that has been called by you trying to impose my will on others.  But, if
you look at where actual progress has been made (e.g. in science), that has
always been present. 

Thanks for giving me information that helps me figure out from where you
are writing.  I am very much oblidged for you doing this.  I just find it
amusing how different your view and Shelly Glashow's views are concerning
the vetting of new ideas(he was one of 3 people who developed the standard
model of physics).

Dan M. 

Dan M. 





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Re: The Role of Government in a Libertarian Free Market

2009-08-15 Thread dsummersmi...@comcast.net

I do agree that there is little experimentation going on right now in  
government.  One of the best reasons for getting humanity out into  
space is to allow that experimentation to begin again. 

One thing to remember about experimentation:  99.99% of experiments fail;
they do not achieve the goals they set out to achieve.  In physics,
theorists have come up with tens if not hundreds of thousands of wrong
theories.  Shelly Glashow, who I mentioned, said he came up with 5 new
theories per day.  Only one of his really paid off...and it paid off big. 
Most experiments in physics don’t find the new and exciting thing they are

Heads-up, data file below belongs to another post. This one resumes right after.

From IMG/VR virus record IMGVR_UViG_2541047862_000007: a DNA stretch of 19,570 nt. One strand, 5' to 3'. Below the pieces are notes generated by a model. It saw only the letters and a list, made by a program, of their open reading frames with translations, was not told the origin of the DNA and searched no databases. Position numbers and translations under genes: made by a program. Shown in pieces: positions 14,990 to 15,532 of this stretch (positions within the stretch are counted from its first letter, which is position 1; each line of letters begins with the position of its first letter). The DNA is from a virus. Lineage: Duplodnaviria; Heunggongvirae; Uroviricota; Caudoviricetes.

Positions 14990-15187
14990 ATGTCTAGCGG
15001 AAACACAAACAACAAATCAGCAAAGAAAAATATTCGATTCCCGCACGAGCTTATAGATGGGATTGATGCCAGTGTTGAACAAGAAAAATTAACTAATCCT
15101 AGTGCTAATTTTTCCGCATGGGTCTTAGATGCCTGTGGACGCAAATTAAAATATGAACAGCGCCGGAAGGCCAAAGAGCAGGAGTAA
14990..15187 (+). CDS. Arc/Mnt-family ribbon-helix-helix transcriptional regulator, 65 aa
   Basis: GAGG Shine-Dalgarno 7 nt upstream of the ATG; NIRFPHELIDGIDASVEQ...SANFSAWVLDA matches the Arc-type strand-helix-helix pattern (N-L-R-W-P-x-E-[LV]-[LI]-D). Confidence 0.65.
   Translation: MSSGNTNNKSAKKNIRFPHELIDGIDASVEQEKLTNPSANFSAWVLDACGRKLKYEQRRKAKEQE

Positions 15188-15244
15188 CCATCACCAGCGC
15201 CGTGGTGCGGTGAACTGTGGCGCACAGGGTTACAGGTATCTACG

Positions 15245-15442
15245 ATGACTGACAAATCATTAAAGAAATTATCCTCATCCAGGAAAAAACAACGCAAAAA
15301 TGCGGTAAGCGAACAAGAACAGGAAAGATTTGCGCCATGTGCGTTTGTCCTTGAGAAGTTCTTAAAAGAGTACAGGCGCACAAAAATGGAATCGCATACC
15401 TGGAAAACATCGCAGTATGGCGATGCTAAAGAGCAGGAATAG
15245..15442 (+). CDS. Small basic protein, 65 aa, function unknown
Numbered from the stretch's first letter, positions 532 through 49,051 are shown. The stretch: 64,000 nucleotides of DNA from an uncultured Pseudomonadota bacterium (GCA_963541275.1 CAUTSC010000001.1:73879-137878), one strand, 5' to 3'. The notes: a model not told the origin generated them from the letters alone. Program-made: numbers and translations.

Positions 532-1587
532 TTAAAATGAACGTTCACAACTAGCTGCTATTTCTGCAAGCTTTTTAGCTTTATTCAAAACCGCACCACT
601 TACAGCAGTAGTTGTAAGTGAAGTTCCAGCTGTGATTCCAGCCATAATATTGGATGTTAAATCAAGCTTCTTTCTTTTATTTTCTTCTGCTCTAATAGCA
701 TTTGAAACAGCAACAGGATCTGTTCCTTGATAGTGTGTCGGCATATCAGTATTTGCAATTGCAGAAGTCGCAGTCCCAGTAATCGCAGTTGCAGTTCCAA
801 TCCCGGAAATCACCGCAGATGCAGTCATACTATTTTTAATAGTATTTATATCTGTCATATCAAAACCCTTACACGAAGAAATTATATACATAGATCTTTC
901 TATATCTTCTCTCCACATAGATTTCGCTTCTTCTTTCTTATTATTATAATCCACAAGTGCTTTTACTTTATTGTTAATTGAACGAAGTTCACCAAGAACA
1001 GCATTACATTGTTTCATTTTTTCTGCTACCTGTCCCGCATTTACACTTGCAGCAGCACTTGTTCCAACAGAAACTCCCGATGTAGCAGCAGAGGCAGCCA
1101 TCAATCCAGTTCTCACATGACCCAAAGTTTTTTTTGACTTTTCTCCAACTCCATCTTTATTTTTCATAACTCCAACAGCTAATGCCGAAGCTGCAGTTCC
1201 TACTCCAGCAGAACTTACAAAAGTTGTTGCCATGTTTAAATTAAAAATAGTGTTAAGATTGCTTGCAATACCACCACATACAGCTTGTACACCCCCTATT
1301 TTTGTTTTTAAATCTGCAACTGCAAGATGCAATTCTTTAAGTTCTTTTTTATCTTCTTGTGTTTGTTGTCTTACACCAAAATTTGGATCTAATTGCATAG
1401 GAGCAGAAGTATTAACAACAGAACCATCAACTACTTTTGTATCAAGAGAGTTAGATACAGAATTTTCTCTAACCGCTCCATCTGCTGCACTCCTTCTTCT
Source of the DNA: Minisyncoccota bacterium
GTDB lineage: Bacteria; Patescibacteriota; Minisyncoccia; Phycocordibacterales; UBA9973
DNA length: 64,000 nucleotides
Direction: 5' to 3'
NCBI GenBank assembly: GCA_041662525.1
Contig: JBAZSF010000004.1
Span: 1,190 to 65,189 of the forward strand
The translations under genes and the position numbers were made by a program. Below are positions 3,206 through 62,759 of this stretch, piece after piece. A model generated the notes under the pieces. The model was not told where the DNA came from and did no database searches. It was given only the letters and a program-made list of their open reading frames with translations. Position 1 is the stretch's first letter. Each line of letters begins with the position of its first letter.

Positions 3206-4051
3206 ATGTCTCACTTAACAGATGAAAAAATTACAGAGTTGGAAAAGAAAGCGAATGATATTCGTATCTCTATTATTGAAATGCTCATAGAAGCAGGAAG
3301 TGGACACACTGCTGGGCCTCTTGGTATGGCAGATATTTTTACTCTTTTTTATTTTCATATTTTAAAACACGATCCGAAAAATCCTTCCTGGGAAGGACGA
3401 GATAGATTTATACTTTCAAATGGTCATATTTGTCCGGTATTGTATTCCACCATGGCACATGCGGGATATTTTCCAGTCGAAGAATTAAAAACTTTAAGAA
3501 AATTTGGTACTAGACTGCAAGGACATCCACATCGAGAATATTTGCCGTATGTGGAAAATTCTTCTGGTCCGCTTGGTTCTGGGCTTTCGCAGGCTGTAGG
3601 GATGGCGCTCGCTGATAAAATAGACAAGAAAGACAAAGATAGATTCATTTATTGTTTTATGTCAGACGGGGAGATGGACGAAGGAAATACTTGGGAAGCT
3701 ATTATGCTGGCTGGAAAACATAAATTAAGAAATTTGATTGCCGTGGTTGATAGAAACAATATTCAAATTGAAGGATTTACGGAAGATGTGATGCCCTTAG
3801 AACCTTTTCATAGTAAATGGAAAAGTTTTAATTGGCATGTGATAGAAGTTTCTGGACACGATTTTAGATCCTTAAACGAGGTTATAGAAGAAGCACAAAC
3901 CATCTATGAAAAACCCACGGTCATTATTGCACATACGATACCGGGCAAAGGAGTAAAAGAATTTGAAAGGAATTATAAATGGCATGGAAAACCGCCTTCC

looking for; they just find that the 2 sigma signal they spent 2 years
getting more data on disappear.

Economic studies have shown that, for average entrepreneurs, the business
ends up failing and costing money. We are fortunate that we have these
folks, because every once in a while they come up with something that
_really_ benefits everyone.  But, even averaging the winners in, the
average person taking a risk on a new business loses money.

Finally, we do have experimentation in government.  California and Texas
have very different governments; and very different sets of problems. 
California is wining the race down to failure, it seems.because Texas
doesn't have much of a housing problem and is not about to go bankrupt.

You may argue that these are minimalistic changes; and they are.  But big
changes work better in fiction than in fact.  The American Republic stands
almost uniquely as a radically new form of government that worked.  (It’s
not the only working form of representative government, of course, but the
other representative governments changed to something close to 1 man 1 vote
after the US was shown to survive the Civil War.)


Dan M.



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A Real Free Market in Health Care

2009-08-12 Thread dsummersmi...@comcast.net
People on this list have argued for the advantages of a free market system
for health care and health care insurance.  I have thought about it, and
decided to apply what we know from other markets that have considerable
less government intervention.

For example, big screen TVs.  If you have the money and want it enough, you
decide to buy it.  If you don't have the money, you don't buy it.

So, if a heart bypass will save someone's life, and they don't have the
cash to pay for it and the banks won't loan them the money, they die.  If
someone cannot afford chemotherapy, they don't get it.  Thus, they die.

The closest thing we have to this in the US are those folks who don't have